Until recently, Agincourt has been feted as one of the greatest victories in English military history. But in Agincourt: A New History (2005), Anne Curry makes the claim that the scale of the English triumph at Agincourt has been overstated for almost six centuries, and most egregiously in Shakespeare’s play. According to her research, the French still outnumbered the English and Welsh, but at worst only by a factor of three to two (12,000 Frenchmen against 8,000 Englishmen).

According to Curry, the Battle of Agincourt was a ‘myth constructed around Henry to build up his reputation as a king’. The primary sources themselves generally do not agree on the numbers of the combatants involved. For example, Enguerrand the Monstrelet, a chronicler writing thirty-eight years after the battle, gave a number of 13,000 archers and 2,000 men-at-arms for the English, while the French first and second battalions plus the two mounted wings added up to 25,000 men. He does not provide any numbers for the mounted reserve that made up the third battalion, stating only that it ran away upon seeing the English victory over the first and second.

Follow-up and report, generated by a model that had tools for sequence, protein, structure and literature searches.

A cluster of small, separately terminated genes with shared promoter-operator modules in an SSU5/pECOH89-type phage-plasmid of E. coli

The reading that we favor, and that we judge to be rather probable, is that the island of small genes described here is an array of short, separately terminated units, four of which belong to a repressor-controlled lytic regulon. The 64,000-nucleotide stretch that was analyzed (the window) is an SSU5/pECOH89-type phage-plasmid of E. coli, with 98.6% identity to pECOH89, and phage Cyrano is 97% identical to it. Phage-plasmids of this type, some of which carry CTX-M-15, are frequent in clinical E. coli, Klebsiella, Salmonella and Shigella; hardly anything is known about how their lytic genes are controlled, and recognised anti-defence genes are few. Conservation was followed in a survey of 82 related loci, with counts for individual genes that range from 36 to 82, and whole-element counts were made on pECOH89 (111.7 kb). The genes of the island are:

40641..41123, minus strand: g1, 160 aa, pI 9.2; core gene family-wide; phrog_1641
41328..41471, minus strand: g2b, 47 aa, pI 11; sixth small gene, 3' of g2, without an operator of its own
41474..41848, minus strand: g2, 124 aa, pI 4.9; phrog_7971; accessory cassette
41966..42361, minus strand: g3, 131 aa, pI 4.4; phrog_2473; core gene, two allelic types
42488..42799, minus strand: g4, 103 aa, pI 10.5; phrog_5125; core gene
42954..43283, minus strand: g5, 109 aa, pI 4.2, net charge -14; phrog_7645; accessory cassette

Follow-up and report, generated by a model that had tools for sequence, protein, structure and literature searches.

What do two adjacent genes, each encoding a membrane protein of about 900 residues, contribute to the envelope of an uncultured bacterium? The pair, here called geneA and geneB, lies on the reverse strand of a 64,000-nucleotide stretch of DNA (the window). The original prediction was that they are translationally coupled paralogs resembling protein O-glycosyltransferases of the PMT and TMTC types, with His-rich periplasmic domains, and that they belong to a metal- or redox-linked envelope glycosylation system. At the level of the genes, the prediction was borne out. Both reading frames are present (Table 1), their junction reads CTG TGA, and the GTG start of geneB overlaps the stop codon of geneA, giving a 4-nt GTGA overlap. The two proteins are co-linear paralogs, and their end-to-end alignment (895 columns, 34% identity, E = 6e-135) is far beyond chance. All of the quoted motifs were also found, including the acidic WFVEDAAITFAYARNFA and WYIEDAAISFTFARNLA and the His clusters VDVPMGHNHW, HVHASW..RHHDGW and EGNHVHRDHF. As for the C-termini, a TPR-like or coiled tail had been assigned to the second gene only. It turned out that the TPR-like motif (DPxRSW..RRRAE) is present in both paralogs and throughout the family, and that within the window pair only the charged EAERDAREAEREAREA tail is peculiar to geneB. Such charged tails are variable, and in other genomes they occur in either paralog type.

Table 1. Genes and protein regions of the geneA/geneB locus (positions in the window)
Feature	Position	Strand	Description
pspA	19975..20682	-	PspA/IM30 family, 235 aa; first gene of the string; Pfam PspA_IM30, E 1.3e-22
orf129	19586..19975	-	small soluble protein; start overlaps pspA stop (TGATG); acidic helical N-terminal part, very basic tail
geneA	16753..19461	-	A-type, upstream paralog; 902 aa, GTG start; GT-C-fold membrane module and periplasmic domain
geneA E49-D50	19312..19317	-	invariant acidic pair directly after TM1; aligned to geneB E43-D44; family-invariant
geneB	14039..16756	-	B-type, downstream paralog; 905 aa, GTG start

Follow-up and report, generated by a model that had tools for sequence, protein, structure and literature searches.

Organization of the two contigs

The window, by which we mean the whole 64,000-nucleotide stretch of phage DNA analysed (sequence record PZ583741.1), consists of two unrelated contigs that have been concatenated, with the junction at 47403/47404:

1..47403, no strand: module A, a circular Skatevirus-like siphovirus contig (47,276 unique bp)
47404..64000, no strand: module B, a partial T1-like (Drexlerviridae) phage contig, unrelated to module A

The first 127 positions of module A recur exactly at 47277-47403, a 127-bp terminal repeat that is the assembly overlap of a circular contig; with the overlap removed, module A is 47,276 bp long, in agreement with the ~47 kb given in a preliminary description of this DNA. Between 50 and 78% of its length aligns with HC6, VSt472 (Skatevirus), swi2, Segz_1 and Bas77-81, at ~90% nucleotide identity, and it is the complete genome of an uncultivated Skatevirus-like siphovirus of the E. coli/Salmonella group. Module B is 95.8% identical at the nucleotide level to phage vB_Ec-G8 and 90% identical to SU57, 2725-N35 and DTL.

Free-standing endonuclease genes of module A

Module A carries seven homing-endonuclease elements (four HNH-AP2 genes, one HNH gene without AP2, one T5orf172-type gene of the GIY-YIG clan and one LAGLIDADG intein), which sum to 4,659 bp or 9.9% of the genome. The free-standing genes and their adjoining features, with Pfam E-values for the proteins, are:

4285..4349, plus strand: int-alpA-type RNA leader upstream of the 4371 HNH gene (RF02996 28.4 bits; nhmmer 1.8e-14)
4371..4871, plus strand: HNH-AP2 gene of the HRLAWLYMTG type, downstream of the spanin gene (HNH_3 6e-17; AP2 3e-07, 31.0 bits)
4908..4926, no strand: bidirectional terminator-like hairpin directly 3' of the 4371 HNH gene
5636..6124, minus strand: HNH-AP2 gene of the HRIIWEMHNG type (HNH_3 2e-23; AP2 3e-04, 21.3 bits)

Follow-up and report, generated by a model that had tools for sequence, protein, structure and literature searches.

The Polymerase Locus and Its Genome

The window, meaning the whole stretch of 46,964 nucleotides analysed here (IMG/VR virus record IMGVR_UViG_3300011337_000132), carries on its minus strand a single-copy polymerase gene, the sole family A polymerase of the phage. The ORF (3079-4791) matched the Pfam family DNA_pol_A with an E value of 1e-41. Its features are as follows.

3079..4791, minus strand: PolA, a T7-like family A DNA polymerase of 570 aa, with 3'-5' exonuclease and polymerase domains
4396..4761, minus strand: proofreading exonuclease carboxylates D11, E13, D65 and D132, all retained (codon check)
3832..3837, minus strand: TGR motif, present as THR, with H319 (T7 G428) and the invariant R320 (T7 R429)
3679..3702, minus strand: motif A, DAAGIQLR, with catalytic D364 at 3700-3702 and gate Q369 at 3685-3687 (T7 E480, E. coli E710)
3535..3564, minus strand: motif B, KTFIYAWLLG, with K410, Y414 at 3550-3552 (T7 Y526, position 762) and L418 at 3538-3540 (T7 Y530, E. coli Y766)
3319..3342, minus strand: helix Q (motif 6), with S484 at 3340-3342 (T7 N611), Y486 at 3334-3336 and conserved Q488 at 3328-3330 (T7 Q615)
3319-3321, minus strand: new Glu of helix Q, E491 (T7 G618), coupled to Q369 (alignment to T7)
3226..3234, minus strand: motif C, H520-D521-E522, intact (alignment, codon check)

Juliet Barker in Agincourt: The King, the Campaign, the Battle, claims 6,000 English and Welsh fought against 36,000 French, from a contemporary heraldic source, which puts the French superiority in numbers at 6-1. This is almost certainly an exaggeration: even Shakespeare puts the odds at 5-1. The Encylopædia Britannica puts the English at 6,000 archers, 1,000 men-at-arms and ‘a few thousands of other foot’, with the French outnumbering them by ‘at least four times’. Other historians put the English numbers at 6,000 and the French numbers at 20-30,000, which would also be consistent with the English being outnumbered 4-1. Curry’s research is currently alone in putting the odds at significantly less than this. In general, therefore, Henry’s victory can be rightfully be seen as one of the most astonishing achievements in the history of English warfare.

Fingering a Myth?

It has long been suggested that the famous ‘two-fingered salute’ or ‘V-sign’ derives from the gestures of English archers fighting at Agincourt. The myth claims that after previous battles, the French had cut two fingers from the right hand of each captured bowman, and that at Agincourt the English archers were gesturing their unmutilated fingers as a sign of defiance.

However, the ‘two-fingered salute’ is almost certainly older than Agincourt, appearing as it does in the Macclesfield Psalter of c.1330 (in the Fitzwilliam Museum, Cambridge), being made by a glove in the psalter’s marginalia. We may also doubt the veracity of this tenacious legend due to the fact that contemporary accounts of the battle make no references to the French mutilating their prisoners by cutting off fingers from their hands. In fact, the first definitive known reference to the ‘V-sign’ in French is in the works of François Rabelais, a sixteenth-century satirist.